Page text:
Here, the back-stories of his relatives and their marriages or lack of them are moderately interesting. There are a few anti-religious-right rants that go on too long, but only a few. It's the conversations between Dan and his boyfriend and their son, in all their crankiness and irrationality, that make this book stand out. It really comes into its own in the last couple of chapters, which had me laughing out loud.
It's great to read a book by someone who cares deeply about gay rights, yet can make fun of the part of himself that wants to get married in order to make people take his "Big Gay Love" seriously. He's confident enough to be honest, and that makes his book fresh and entertaining.
First, I've already read the book and liked it. Then, I checked out the audiobook from my library, out of curiousity, and it very nearly ruined the book for me altogether.
Dan Savage has a distinctive voice and I enjoy listening to him. It's gentle and soft, but coarse and tough in funny, ironic, wry and unexpected ways.
On the other hand, reader Paul Michael Garcia sounds nothing like Savage and - sorry - comes across sounding just like a boring old stereotype. I'm not saying he's gay but he sure SOUNDS the way a sitcom would cast a typical gay guy, and the words "my boyfriend" just don't sound the same coming out of his mouth as they do from Savage's.
I gave this a good long listen, hoping the voice would grow on me, but it just grew more and more cloying, like some weird kind of identity theft, as this reader tried to relate to the often-bizarre events of Savage's life (his boyfriend's dog's accident, surgery, and later handicaps, for example).
I listen to a lot of audiobooks, and the readers are usually excellent and well-matched with their material. In this case, however, I found the combination utterly woeful and ultimately, unlistenable.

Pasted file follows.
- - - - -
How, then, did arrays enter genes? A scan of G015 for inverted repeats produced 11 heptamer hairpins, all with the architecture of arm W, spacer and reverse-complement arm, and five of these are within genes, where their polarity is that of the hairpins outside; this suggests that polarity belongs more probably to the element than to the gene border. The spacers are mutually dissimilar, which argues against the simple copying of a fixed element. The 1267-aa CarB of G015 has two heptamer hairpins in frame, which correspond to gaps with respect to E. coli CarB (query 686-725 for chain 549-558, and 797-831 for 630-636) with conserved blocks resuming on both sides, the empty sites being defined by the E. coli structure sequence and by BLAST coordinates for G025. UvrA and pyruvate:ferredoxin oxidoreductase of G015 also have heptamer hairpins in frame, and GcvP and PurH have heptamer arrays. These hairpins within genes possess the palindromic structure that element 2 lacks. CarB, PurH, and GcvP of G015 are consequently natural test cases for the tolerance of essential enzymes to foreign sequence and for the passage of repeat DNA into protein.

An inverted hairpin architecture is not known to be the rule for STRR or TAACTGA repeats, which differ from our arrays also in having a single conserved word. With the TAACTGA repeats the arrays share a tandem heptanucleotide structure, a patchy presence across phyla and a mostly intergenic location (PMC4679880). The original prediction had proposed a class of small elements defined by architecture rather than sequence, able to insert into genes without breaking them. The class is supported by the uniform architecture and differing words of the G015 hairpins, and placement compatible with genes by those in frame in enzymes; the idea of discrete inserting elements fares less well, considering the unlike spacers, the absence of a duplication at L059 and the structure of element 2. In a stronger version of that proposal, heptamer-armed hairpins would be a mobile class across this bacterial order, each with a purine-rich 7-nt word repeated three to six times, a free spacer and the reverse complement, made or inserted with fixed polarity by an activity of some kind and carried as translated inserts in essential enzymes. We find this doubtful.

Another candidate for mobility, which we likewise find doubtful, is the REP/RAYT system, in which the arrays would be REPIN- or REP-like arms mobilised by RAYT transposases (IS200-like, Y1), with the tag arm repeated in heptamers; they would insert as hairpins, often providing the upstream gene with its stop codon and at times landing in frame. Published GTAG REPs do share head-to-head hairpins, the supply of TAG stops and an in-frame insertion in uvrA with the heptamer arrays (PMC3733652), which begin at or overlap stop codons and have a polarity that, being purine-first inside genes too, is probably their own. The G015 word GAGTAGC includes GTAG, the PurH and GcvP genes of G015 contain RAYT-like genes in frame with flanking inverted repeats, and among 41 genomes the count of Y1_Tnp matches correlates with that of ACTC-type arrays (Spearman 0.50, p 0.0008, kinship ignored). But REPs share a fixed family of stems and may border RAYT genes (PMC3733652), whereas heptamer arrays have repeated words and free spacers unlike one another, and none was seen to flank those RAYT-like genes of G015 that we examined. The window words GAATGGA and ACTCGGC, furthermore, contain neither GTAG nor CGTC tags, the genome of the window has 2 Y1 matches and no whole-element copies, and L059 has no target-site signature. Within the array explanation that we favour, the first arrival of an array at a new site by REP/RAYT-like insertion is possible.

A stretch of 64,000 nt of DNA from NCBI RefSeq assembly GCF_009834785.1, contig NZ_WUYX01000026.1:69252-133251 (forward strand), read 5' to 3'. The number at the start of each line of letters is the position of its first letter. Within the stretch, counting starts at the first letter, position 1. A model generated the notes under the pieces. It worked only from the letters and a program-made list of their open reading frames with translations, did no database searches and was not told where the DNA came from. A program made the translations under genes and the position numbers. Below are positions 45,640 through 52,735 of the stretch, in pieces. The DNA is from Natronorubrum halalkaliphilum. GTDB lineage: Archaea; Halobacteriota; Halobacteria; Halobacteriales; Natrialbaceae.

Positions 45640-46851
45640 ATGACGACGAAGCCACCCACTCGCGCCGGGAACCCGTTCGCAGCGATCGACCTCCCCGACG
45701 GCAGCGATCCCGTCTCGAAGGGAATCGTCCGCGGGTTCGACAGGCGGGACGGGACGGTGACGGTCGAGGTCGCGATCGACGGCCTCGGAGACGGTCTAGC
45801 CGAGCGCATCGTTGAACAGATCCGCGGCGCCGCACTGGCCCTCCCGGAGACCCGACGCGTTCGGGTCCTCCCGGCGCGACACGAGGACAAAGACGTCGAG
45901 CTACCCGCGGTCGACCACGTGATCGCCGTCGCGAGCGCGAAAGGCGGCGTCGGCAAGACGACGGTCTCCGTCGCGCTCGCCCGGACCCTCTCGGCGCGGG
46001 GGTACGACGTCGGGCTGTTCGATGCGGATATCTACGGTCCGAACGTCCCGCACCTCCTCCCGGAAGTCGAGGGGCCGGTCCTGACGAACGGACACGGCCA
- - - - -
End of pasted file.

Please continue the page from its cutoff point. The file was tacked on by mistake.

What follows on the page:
I suppose Savage had to give his approval to this book at some point, but I'm not sure how when it sounds just like an imposter has appropriated his words. Sorry, but I just didn't like it.
Most Recent Customer Reviews
Well written tale of contemporary gay life in America. Witty, funny, yet poignant.Published 2 months ago by Steven Mirman
I liked this book. Dan Savage is a pretty good author that has great voice and interesting life experiences. Read morePublished 11 months ago by Spencer P.
This is an unhappy mix of political pontification and autobiography. Dan Savage is an excellent writer, and I don't object to his decision to use his own wedding ceremony as a... Read morePublished 16 months ago by Ryan Mease
This was a great follow up to Dan Savage's previous book about adopting his son. I liked it very much, but The Kid is still my fav.Published 16 months ago by Elizabeth Heimler
Fun book and Dan has an effortless writing style. I will be reading his other books.Published 21 months ago by LM